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Two Mental Models To Help You Make Better Decisions

Two Mental Models To Help You Make Better Decisions

Every day we have to make many decisions.

Around 35,000 to be precise.

Most of them are done automatically without the second thought or additional analysis. We turn on autopilot mode whenever we can. After all, if we were to spend a significant amount of time on every single decision, our days would have to be much longer.

But, some decisions can’t be made on full autopilot.

Sometimes we need to pause and take a second to analyze what’s going on. In these situations, time spent on thinking is worth the sacrifice for a better outcome.

So now the question is how to go about these decisions.

Well, in general, it’s hard to give one definite answer.

Each decision is different, has different factors that will influence it, and has different outcomes based on these factors and your choices and sub-choices.

At the same time, we may actually want to use some mental models that would guide as in the right direction which is the better decision.

The first principle is Ockham’s Razor.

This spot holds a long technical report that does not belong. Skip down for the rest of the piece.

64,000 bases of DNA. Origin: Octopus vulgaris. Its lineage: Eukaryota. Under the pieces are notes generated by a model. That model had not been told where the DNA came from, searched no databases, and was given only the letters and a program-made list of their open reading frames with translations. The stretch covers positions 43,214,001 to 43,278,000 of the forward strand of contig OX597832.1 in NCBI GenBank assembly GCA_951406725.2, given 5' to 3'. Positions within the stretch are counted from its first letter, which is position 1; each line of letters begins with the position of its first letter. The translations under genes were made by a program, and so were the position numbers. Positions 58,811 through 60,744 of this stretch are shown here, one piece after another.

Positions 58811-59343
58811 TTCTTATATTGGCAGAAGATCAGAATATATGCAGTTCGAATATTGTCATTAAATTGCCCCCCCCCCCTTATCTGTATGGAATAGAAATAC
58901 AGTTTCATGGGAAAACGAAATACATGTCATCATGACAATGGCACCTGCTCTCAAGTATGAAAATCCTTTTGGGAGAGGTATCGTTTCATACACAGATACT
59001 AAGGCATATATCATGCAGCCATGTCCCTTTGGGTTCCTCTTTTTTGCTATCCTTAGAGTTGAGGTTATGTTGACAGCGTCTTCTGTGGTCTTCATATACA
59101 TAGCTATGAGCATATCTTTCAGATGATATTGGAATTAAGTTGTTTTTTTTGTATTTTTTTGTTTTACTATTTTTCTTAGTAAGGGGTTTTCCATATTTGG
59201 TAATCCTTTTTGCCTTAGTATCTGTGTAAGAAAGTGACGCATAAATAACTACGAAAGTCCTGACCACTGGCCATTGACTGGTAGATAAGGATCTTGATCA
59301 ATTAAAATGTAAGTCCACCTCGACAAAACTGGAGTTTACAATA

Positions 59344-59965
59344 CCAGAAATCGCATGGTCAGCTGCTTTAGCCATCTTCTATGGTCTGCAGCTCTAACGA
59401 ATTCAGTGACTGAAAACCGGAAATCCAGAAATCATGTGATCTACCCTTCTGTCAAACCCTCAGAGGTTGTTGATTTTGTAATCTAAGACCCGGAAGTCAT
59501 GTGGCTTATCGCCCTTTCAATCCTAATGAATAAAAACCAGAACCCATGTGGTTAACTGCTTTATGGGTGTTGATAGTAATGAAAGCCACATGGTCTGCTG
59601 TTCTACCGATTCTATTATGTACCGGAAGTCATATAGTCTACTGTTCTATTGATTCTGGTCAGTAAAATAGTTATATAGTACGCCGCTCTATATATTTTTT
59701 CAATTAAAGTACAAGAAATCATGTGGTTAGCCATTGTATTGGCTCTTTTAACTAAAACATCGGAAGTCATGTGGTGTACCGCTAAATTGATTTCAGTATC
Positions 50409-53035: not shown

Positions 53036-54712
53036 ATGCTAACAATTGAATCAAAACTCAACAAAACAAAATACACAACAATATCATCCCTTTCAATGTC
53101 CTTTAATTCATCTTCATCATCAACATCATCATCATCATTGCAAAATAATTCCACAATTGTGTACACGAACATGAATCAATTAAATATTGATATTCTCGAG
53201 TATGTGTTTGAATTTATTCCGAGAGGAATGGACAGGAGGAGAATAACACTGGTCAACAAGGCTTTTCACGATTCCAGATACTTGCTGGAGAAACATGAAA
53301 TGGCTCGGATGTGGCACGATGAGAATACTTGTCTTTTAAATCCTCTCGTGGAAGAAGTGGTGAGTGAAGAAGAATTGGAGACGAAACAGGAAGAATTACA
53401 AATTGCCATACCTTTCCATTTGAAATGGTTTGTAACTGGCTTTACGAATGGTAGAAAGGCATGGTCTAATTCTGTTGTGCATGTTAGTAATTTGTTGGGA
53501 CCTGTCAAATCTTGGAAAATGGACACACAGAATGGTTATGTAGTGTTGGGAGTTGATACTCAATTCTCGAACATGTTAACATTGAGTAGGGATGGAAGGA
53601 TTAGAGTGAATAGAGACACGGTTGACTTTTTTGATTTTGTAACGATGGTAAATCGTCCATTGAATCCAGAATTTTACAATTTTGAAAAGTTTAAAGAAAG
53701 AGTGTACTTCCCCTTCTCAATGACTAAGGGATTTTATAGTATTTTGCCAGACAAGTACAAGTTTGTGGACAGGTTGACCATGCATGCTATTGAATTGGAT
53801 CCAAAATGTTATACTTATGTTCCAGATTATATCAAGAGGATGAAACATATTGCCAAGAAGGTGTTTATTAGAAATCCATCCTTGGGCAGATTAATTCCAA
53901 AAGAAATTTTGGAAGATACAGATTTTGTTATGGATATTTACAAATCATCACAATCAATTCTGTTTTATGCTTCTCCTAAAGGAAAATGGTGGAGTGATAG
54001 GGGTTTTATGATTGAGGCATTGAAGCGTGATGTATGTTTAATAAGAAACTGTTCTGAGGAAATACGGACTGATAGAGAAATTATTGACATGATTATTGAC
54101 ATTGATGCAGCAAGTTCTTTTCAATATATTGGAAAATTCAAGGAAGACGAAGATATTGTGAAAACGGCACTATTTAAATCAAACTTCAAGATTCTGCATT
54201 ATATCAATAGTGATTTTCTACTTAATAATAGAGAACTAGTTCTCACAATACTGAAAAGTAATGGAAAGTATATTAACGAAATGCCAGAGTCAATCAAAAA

Ockham’s Razor is a problem-solving (decision-making) principle which states that "entities should not be multiplied without necessity."

In other words, you should always prefer simplicity when you’re challenged with a problem that has several possible solutions (explanation) that are equally (or similarly) enticing.

In such a situation you should choose the simplest one.


That’s because the simplest explanation will be based on the fewest assumptions. More assumptions mean more conditions than an explanation has to meet in order to be true.

Ockham’s Razor: Low-complexity systems = the simplest solutions (explanations) with the fewest assumptions

The second Principle is Hickam’s Dictum.

Hickam’s Dictum is the opposite of what we’ve just learned about Ockham’s Razor.

That’s because Hickam’s Dictum takes the problem-solving principle into the field of medicine. Here we’re welcomed with complex systems that may have several solutions.

For example, a patient may have many diseases and therefore assessing the cause of his current state can’t be based on the one-factor analysis.

Hickam’s Dictum: Complex system = should assume a single cause for multiple symptoms

35,000 is a lot and no human can make it through the day without putting a majority of these decisions on our subconscious autopilot.

Yet, for decisions that matter (but could be made faster) refer to these two mental models as guidelines on how to find the right solution.